This is the title and subject of a new documentary out this week. I haven’t seen it, nor do I plan to- it’s the kind of movie that makes me heave a mighty sigh. Why do we have to assign conspiracy to everything we disagree with or disapprove of?
Don’t get me wrong; from what I’ve read, this is no Michael Moore propaganda piece- the facts are accurate, and not artificially sensationalized. But facts are not truths. Nobody “killed” the electric car, there is no conspiracy to keep electric cars off the market- they simply are not yet a viable option for enough car buyers to sell them profitably. Nor does the nation have the infrastructure to support them if we bought them. Nor would they reduce pollution- they would merely shift it to different venues.
The key log in the electric car traffic jam is the question of infrastructure. We simply do not have the electric generating capacity to recharge millions of electric cars. Depending on size and performance, electric cars need between 12 and 25 kilowatt-hours to fully charge- let’s use 15 kwh for a low average. 15 kwh times 75 million cars (there are actually 400 million cars registered in the US, but only 75 million in use on any given work day) equals one and an eighth billion kwh... on top of what we’re already using! The electric grid doesn’t have even a fraction of that available- the only reason we’re not having rolling blackouts during the current heat wave is that people have learned from past blackouts and are turning their thermostats up and their large appliances off. I think an automobile qualifies as a “large appliance”. Nor are any more power plants being built or even planned- ironically, the same environmentalists who want us to drive electric cars are preventing us from building new generators.
Infrastructure means more than generating power- you also have to deliver it, and we can’t. Every “destination” facility- hotels and motels, convention centers, sports arenas, ball parks, amusement centers, museums, state and national parks, resorts- would need a recharge socket for every parking slot. After all, the entire point of these places is to draw crowds from hundreds of miles away- go to any Cincinnati Reds game and you’ll find the parking lot full of Indianapolis license plates; without a recharge socket, not one of those cars would be there. No tourist attraction could survive depending on only those within round-trip (25-35 miles) range. Each facility would require the electrical service of a major factory, which means tens of thousands of miles of high-tension lines strung through virgin countryside, something else the environmentalists are not crazy about.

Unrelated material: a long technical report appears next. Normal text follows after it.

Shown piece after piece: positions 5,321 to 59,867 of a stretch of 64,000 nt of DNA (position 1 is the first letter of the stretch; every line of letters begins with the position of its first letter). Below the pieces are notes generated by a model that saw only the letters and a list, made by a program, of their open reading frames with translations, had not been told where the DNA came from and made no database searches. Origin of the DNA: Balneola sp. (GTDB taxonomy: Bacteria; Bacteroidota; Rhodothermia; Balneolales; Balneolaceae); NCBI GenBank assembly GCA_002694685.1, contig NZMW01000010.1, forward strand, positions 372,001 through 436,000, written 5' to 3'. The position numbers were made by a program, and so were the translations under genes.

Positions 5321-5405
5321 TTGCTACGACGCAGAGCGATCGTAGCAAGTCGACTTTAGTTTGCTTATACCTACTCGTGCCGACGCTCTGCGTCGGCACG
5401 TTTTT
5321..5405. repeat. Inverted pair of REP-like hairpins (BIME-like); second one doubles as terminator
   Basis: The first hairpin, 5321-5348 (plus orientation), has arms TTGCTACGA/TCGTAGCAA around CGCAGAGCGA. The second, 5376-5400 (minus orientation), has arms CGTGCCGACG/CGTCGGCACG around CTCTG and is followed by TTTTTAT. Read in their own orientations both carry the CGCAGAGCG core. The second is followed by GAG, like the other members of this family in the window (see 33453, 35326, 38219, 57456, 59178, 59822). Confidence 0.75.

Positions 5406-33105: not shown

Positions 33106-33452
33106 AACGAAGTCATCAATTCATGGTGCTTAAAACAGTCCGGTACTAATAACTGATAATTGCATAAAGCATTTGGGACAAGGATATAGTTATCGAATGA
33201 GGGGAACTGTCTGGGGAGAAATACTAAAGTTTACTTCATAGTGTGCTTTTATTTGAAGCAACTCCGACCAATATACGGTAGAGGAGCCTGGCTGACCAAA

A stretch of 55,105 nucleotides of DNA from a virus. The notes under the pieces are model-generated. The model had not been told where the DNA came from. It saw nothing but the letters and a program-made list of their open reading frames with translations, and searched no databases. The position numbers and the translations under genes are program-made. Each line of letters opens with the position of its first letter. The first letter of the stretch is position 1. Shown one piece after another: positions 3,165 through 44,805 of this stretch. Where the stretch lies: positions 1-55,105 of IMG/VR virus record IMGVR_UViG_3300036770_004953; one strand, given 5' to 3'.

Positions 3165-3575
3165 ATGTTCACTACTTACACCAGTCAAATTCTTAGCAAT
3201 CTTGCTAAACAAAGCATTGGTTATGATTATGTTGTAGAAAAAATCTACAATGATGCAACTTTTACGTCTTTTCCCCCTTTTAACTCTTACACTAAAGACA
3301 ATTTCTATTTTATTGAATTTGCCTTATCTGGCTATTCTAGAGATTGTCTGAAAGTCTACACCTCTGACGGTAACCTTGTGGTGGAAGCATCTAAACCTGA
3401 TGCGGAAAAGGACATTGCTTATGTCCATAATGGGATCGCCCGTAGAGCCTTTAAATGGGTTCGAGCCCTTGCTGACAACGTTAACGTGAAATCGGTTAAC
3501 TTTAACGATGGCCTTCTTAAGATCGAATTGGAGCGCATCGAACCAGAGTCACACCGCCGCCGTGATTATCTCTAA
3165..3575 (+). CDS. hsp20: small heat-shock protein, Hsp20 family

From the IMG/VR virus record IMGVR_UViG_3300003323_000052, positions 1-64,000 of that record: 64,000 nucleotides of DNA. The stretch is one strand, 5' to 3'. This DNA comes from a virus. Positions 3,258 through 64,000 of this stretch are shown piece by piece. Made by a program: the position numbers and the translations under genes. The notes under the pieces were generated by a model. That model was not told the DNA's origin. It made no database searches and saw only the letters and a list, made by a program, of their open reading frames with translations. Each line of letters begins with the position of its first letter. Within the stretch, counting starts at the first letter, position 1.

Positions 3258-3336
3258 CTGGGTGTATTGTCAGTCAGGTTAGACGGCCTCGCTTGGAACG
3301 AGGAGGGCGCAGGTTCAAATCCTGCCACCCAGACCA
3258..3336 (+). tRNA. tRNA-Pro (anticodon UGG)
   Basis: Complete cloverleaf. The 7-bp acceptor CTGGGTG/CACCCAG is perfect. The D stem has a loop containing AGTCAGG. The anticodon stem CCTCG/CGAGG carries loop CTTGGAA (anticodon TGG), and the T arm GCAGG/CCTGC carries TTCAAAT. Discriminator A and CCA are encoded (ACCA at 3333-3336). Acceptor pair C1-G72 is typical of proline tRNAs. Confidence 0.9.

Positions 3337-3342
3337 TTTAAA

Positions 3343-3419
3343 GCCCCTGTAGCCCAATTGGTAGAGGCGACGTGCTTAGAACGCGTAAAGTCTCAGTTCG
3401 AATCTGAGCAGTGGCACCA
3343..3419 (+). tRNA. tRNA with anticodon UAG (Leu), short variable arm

The infrastructure question alone means that the electric car can never be the only car in a family; it would have to be a second car, used only for work and shopping trips. Especially in the suburban and rural communities- you’ll notice that all the rave revues electric cars get are from people who live in big cities, where everything is close together. This would keep sales so low that the price per unit becomes unbearable- according to Wikipedia, the cost of the EV1 (the car the movie was about) was $40,000 without subsidies, the Honda EV Plus $53,000, Ford Ranger EV $50,000 without subsidies. In addition, those prices do not include the taxpayer subsidized research that went into the cars mentioned above- I saw one estimate that the true cost of the EV1, including everything that was needed to take concept to street, divided by the number of vehicles actually produced, would have been $900,000 each.
This is why serious environmentalists are concentrating on hybrid and hydrogen technologies instead of battery powered cars. A hydrogen fueled internal combustion vehicle has all the advantages of a gasoline car, the zero emissions an electric car promises but doesn‘t truly deliver, (the power plant that recharges it, at least here in Indiana, belches coal smoke) and no toxic batteries to dispose of in hazardous waste facilities. And, as all the technology except the fuel tank is off-the-shelf, it would be priced competitively with the gasoline vehicle. Is it any wonder car companies are turning their attention there, rather than the EV1? No conspiracy, only reality.